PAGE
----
A North East insolvency expert believes the region’s business community is facing a ‘critical year’ after new official figures revealed the largest annual rise in the number of corporate insolvencies since 2013.
Alexandra Withers, incoming chair of R3 in the North East, was speaking after the Insolvency Service’s latest statistics showed a 6.8% year-on-year rise in the number of corporate insolvencies across the UK, with 17,196 cases being registered in 2019.
And she is also highlighting the government’s move towards, essentially, making HMRC a preferential creditor in business insolvency cases as a possible factor in a further rise this year.
The IS report shows that there was an 8.1% year-on-year rise in number of corporate insolvencies between the fourth quarters of 2018 and 2019, although the 2019 Q4 figure was actually 1.8% lower than the preceding three months.
Alexandra Withers, who is also an Associate Solicitor in the Insolvency Department of Short Richardson & Forth Solicitors in Newcastle, says: “These figures are a reflection of anaemic economic growth throughout 2019, with factors including political uncertainty, Brexit, weaker consumer confidence and sector-specific issues all combining to hold back business decisions and investment.
“Business confidence fell last year compared to the previous 12 months and hiring confidence hit a seven-year low at the end of December, while economic growth stalled, consumer debt increased, and consumer confidence remained low throughout 2019.
“Some sectors have been hit harder than others, although difficulties are increasing across the board. The construction sector struggled, traditional retailers were hit by declining footfall and the continued growth of online shopping, and the manufacturing sector had a worse year than 2018.”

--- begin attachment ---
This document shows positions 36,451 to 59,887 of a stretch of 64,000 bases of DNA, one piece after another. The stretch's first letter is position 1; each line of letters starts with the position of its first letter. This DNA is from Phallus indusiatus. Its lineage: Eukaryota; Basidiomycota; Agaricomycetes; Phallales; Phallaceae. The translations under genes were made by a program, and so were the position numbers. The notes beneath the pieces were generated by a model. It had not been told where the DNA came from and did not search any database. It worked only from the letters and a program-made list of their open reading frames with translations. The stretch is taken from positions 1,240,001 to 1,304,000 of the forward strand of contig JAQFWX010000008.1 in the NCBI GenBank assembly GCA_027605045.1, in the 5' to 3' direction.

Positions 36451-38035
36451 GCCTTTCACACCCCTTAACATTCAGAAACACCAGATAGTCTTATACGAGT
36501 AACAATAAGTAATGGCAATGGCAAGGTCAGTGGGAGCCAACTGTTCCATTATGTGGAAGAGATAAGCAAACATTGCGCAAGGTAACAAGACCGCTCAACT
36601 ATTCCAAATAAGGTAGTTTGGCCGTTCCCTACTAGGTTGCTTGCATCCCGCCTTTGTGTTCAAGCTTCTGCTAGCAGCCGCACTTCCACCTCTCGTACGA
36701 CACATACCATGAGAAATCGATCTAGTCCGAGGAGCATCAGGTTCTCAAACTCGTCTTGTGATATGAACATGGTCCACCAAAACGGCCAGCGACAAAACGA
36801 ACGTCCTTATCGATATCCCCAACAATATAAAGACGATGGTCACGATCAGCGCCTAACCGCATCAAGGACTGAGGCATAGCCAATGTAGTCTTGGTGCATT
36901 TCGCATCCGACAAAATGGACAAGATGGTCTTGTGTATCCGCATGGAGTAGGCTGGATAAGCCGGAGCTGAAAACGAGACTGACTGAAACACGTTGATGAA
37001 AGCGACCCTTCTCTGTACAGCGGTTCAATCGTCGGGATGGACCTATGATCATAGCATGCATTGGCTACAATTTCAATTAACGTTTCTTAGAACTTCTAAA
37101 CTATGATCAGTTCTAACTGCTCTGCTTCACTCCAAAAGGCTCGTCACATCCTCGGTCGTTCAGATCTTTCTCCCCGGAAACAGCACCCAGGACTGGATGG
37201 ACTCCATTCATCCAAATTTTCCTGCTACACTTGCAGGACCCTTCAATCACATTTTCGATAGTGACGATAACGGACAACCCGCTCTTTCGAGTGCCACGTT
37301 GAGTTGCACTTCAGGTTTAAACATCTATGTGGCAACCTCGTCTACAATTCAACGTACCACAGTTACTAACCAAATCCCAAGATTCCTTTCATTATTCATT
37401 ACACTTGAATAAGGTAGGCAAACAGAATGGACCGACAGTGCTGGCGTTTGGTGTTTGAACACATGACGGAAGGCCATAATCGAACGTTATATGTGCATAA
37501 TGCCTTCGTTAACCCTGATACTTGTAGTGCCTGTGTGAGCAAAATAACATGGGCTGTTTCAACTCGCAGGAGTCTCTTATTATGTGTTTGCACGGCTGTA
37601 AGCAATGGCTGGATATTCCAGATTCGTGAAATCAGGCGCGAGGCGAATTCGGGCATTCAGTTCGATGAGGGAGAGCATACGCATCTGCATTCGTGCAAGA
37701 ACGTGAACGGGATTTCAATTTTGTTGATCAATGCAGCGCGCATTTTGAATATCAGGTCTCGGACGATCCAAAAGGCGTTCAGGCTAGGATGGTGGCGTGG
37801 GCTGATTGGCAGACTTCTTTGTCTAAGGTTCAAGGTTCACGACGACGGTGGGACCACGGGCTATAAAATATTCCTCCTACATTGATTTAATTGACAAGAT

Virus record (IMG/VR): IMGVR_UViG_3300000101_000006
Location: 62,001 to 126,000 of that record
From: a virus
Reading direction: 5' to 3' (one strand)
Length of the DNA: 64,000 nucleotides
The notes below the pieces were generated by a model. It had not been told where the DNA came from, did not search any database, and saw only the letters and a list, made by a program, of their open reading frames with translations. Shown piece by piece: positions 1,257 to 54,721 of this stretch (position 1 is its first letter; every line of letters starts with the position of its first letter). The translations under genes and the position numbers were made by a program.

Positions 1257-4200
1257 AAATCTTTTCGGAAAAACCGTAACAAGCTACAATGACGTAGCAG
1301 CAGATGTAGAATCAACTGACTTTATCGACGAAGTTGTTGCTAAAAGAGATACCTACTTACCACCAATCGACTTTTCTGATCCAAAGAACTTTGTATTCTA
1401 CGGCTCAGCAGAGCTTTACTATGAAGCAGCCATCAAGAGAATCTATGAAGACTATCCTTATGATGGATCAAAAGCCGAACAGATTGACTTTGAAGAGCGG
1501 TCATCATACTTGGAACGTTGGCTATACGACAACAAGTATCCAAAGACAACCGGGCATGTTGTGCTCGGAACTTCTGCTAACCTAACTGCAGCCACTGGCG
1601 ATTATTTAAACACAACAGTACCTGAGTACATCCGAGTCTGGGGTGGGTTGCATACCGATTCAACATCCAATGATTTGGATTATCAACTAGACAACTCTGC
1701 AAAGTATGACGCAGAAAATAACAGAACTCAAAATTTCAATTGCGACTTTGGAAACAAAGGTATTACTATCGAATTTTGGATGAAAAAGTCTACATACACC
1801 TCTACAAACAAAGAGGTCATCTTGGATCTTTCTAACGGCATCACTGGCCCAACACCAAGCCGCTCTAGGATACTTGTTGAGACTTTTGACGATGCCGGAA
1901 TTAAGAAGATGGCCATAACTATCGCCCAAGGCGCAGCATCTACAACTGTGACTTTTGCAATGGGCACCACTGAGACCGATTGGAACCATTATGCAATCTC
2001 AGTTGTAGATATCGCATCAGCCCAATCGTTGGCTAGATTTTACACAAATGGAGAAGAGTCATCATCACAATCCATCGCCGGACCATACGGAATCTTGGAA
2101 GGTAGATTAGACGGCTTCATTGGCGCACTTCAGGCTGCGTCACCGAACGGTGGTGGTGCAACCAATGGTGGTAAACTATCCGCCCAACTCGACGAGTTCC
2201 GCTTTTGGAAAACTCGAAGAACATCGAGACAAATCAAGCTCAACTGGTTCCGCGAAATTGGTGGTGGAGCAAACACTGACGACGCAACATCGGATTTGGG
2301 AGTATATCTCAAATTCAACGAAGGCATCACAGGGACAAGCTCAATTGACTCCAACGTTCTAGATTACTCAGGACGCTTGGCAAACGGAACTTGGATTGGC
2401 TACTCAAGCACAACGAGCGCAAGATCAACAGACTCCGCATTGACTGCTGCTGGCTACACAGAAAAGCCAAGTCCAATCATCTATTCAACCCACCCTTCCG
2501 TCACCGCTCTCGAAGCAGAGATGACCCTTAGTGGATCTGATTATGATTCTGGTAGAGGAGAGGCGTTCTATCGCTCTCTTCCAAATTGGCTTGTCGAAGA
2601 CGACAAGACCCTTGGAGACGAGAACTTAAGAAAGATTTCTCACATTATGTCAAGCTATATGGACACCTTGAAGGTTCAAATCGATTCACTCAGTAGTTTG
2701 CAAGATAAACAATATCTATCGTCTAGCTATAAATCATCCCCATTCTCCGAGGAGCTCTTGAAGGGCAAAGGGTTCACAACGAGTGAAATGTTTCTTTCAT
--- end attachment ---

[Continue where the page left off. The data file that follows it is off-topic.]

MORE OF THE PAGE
The Insolvency Service’s latest statistics also showed that the number of cases of administration, a procedure designed to support business restructure and rescue, increased by 24% compared to 2018, while every quarter in 2019 saw more corporate insolvencies than the corresponding quarter in the previous four years.
Alexandra Withers continues: “2020 will be a critical year for business at both a regional and national level. A Government with a decisive majority ends some domestic uncertainty, but there are still big question marks around what Brexit will actually look like and exactly when new rules will kick in.
“Wider economic performance will partly determine whether the recent trend of rising corporate insolvencies continues or not, although on the plus side, signs that businesses are looking to increase investment and recruitment this year provides some cause for optimism.
“Looking ahead, one additional factor which may affect insolvency numbers in the future is the Government’s plan to make HMRC a ‘preferential creditor’ in insolvencies from April, which we firmly believe needs to be urgently reconsidered.
“It will benefit HMRC at the expense of lenders, customers, and suppliers, will hurt business lending and could see businesses being unnecessarily pushed into insolvency due to a reduction in their lending facilities.
“These insolvency figures should be a wake-up call to any director of a company which is finding it hard going at the moment. Anyone in this position should look to take independent advice from a qualified, professional source, to decide the best path forward – and the earlier this is done, the better.”